This snapshot, taken on
03/10/2012
, shows web content acquired for preservation by The National Archives. External links, forms and search may not work in archived websites and contact details are likely to be out of date.
 
 
The UK Government Web Archive does not use cookies but some may be left in your browser from archived websites.

Website of the UK government

Please note that this website has a UK government accesskeys system.

Public services all in one place

Main menu

Wednesday, 3 October 2012

What is higher education really like?

Higher education means a lot more than just getting a qualification. It also offers you the chance to meet new people and take advantage of new opportunities.

What is higher education all about?

Unlike school, you're at university or college because you want to be, learning more about a subject or job you're really into. You'll have more control over how and when you study - though it’s up to you to make the most of it.

You'll find higher education challenging - getting used to new ways of learning and thinking may take time - but you'll have a lot of fun along the way. You’ll also have lots of opportunities to experience new things and meet new people.

What you can study

you'll learn lots more about a subject you're really into

You can study lots of interesting subjects at university or a college offering higher education courses. Most people study one or two subjects, but in a lot of detail.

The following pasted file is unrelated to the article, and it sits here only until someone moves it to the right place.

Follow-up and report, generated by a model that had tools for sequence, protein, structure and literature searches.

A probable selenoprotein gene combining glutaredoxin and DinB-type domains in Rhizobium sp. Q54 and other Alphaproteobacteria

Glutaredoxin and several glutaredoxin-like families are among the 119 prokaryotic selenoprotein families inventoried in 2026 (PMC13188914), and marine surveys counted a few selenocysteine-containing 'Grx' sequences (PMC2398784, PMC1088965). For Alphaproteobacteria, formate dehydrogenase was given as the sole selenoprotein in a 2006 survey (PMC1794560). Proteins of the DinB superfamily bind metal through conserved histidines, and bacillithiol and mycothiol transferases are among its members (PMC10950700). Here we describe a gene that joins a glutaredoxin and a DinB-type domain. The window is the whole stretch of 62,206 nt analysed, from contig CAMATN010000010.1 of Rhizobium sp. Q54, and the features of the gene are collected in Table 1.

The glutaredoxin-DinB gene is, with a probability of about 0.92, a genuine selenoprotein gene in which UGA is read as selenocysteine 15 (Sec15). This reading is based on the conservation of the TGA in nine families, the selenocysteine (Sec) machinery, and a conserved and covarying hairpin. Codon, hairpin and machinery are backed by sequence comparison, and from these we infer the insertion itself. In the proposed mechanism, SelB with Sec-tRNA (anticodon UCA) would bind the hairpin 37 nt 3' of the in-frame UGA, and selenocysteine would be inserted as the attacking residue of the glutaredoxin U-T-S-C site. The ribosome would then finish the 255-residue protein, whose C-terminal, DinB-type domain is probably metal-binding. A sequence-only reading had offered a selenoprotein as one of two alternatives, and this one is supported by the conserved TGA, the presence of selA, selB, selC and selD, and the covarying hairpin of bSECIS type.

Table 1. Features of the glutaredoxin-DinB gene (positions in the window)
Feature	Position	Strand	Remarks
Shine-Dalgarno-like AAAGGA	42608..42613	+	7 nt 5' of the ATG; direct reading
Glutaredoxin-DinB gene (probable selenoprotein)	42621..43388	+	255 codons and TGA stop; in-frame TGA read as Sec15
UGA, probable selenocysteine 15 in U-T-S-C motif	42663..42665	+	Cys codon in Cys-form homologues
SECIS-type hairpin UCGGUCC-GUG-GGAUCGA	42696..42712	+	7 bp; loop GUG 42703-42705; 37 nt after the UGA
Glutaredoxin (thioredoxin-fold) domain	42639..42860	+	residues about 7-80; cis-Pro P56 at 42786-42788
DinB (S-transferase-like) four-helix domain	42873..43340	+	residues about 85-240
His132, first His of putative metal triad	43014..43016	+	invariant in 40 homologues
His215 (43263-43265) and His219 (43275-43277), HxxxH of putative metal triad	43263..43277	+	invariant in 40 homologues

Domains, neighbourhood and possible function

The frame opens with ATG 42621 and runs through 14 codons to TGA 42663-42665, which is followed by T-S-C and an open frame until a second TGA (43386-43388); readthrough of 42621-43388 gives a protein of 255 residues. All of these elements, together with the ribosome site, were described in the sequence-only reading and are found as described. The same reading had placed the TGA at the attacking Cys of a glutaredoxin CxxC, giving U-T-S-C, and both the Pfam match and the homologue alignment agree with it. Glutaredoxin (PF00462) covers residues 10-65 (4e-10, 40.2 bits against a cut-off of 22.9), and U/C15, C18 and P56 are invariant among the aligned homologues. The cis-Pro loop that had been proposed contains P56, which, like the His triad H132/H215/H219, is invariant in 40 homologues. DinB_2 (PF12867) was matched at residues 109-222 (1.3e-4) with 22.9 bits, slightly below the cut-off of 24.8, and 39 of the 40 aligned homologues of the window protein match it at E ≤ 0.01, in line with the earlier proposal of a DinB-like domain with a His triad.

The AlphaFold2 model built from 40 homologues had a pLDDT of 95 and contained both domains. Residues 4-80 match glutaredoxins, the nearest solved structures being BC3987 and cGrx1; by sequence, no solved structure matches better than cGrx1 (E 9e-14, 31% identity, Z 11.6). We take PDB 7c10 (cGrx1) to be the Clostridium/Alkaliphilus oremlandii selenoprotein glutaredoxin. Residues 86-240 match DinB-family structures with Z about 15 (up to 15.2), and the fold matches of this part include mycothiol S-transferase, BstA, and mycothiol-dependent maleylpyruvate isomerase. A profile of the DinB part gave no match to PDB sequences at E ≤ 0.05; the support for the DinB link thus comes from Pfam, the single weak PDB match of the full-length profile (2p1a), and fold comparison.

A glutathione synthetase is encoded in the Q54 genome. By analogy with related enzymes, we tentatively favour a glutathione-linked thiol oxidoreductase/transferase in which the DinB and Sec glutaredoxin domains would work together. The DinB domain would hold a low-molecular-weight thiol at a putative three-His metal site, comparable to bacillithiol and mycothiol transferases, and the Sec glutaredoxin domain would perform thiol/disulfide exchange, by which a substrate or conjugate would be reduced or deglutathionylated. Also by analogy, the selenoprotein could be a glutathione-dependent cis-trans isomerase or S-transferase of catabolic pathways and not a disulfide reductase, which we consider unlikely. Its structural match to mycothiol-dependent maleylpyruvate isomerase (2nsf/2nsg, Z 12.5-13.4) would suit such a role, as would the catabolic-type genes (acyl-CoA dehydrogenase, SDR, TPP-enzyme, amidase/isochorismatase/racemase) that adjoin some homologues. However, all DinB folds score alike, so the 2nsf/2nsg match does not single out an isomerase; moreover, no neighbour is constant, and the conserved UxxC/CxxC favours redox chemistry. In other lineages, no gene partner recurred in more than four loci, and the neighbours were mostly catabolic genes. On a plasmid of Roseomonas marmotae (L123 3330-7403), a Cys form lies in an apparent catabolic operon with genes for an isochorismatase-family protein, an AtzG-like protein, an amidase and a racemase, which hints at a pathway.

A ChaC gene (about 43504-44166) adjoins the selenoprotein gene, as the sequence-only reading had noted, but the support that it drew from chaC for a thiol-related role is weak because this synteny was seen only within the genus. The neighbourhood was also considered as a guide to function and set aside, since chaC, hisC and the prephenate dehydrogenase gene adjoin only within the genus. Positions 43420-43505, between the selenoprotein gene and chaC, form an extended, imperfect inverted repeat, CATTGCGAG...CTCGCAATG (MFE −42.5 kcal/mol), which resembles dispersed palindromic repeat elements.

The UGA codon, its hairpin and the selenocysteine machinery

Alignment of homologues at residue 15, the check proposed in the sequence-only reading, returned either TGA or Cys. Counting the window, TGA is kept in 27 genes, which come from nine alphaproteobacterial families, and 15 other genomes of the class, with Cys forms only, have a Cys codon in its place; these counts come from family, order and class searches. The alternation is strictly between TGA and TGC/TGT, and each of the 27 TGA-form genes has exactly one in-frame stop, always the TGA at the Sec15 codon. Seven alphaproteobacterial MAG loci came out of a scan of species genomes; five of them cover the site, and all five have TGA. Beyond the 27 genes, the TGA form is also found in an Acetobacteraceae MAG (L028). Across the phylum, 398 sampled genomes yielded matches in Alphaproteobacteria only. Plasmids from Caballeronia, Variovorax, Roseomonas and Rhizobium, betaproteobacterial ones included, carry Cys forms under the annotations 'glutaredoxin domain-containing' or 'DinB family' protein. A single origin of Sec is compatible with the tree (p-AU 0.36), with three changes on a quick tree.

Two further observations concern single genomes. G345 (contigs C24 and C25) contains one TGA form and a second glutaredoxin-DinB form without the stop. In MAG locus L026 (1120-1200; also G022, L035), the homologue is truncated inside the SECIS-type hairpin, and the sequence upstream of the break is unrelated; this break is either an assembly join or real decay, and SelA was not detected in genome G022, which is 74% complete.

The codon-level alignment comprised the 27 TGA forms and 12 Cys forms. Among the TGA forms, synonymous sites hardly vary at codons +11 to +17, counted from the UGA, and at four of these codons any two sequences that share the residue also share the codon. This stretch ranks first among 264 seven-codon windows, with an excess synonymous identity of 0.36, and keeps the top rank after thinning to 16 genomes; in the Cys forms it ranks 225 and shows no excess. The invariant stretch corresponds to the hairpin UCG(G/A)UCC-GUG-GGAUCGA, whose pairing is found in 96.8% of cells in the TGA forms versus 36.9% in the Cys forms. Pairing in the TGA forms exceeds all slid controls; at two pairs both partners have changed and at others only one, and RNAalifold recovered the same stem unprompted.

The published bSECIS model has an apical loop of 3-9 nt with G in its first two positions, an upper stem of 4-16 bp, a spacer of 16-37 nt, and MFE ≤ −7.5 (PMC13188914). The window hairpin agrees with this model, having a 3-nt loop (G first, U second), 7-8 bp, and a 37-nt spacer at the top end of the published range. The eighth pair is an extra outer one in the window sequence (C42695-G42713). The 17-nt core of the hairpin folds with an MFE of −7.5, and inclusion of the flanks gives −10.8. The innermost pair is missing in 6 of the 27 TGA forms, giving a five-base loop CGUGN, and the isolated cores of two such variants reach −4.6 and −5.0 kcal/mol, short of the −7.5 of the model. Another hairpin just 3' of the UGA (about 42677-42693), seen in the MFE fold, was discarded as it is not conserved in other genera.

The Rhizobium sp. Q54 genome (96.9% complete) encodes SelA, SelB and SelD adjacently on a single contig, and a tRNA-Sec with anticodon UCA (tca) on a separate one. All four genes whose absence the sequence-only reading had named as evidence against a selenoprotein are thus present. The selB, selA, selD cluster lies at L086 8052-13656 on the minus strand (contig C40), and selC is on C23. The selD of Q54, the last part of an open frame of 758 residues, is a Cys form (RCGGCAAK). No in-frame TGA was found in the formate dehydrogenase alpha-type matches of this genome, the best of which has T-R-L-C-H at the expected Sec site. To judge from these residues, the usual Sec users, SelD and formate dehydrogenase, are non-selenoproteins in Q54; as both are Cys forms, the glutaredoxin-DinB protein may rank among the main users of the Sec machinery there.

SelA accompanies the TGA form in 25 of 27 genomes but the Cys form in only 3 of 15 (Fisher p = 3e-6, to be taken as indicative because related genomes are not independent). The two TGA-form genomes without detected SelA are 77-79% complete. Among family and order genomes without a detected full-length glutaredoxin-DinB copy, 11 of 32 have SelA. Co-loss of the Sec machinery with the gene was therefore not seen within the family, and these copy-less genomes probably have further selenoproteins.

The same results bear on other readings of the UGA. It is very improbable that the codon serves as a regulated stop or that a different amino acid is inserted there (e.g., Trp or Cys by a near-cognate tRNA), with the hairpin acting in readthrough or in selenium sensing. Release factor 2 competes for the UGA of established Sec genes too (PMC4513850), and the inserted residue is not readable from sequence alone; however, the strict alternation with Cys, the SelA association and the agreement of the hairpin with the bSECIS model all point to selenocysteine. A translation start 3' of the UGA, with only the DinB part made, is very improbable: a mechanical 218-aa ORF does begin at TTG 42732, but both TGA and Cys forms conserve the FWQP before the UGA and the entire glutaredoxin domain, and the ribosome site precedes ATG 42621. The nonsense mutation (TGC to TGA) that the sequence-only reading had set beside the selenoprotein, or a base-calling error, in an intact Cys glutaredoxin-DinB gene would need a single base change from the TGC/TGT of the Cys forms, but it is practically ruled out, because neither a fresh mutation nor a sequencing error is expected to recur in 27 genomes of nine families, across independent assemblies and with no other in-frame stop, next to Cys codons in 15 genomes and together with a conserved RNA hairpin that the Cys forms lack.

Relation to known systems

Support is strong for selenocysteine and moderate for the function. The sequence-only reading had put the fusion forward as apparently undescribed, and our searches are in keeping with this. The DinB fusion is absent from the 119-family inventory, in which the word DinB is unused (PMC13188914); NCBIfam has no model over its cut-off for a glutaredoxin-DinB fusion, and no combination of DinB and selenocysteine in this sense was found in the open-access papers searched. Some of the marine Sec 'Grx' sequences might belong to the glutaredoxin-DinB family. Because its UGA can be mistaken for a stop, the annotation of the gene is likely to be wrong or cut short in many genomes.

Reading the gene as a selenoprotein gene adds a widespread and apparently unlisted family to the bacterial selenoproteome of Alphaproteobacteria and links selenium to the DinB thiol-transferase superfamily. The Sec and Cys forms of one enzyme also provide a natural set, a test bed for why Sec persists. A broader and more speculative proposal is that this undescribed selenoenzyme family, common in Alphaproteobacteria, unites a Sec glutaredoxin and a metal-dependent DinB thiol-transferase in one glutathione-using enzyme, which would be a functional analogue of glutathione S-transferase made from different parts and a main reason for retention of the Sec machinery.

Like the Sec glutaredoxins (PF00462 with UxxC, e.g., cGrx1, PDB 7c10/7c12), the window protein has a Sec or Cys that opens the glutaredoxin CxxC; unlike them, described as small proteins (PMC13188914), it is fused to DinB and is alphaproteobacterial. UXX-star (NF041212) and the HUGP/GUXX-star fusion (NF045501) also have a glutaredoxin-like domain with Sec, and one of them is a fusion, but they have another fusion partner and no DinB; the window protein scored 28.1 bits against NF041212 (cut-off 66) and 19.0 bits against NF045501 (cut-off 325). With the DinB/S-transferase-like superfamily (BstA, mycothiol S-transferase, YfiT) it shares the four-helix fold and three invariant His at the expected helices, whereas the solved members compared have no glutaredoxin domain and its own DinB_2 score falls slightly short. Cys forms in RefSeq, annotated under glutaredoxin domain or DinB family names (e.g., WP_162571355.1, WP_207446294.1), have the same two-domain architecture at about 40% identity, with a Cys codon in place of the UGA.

There are higher education courses in subjects you studied at school, like maths or English. Or there are more unusual options, such as criminology (the study of crime) or software engineering (learning to write computer software - games or other programs). Other courses lead to a specific job: for example, journalism or medicine.

It’s possible to study ‘combined’ courses. For example, someone wishing to follow a career in politics but with an interest in art might study both subjects together.

Studying and social life

Studying

Higher education is a very different experience to school or further education.

You are expected to do far more work for yourself. Lectures and seminars will provide guidance, but you’ll need to widen your knowledge through background reading.

Subject staff will offer lots of advice to help you get used to this new way of working. Library staff will be able to help you find the materials you need, and advise on referencing and avoiding plagiarism when it comes to writing essays.

Socialising

Making new friends is a key part of the higher education experience. If you’re worried about fitting in, remember that students from all backgrounds and of all ages go to university and college.

One way to form friendships is through student societies or sports. It’s always easier to bond with someone if you share a common interest. There will probably be a full list of societies available on your students' union website, and you’ll have an opportunity to join up to most at the ‘freshers’ fair’.

Most institutions have a sports centre of their own or an arrangement with the local centre. As a student you’re likely to have access to sports facilities, and you may get a discount on gym membership.

Getting a taste of student life

Most universities and colleges run open days. They’re generally held two or three times a year, allowing members of the public to look around the institution and see what's on offer. Many institutions also offer short courses over the summer period, giving prospective students the chance to get a taste of higher education.

At these events you’ll be able to find out from lecturers and students all the good and bad points of university life, take a tour of the campus and sit in on lectures and seminars.

The Bright knowledge resource library has information about higher education, money and careers.

Additional links

Simpler, Clearer, Faster

From 17 October, GOV.UK will be the best place to find government services and information

Access keys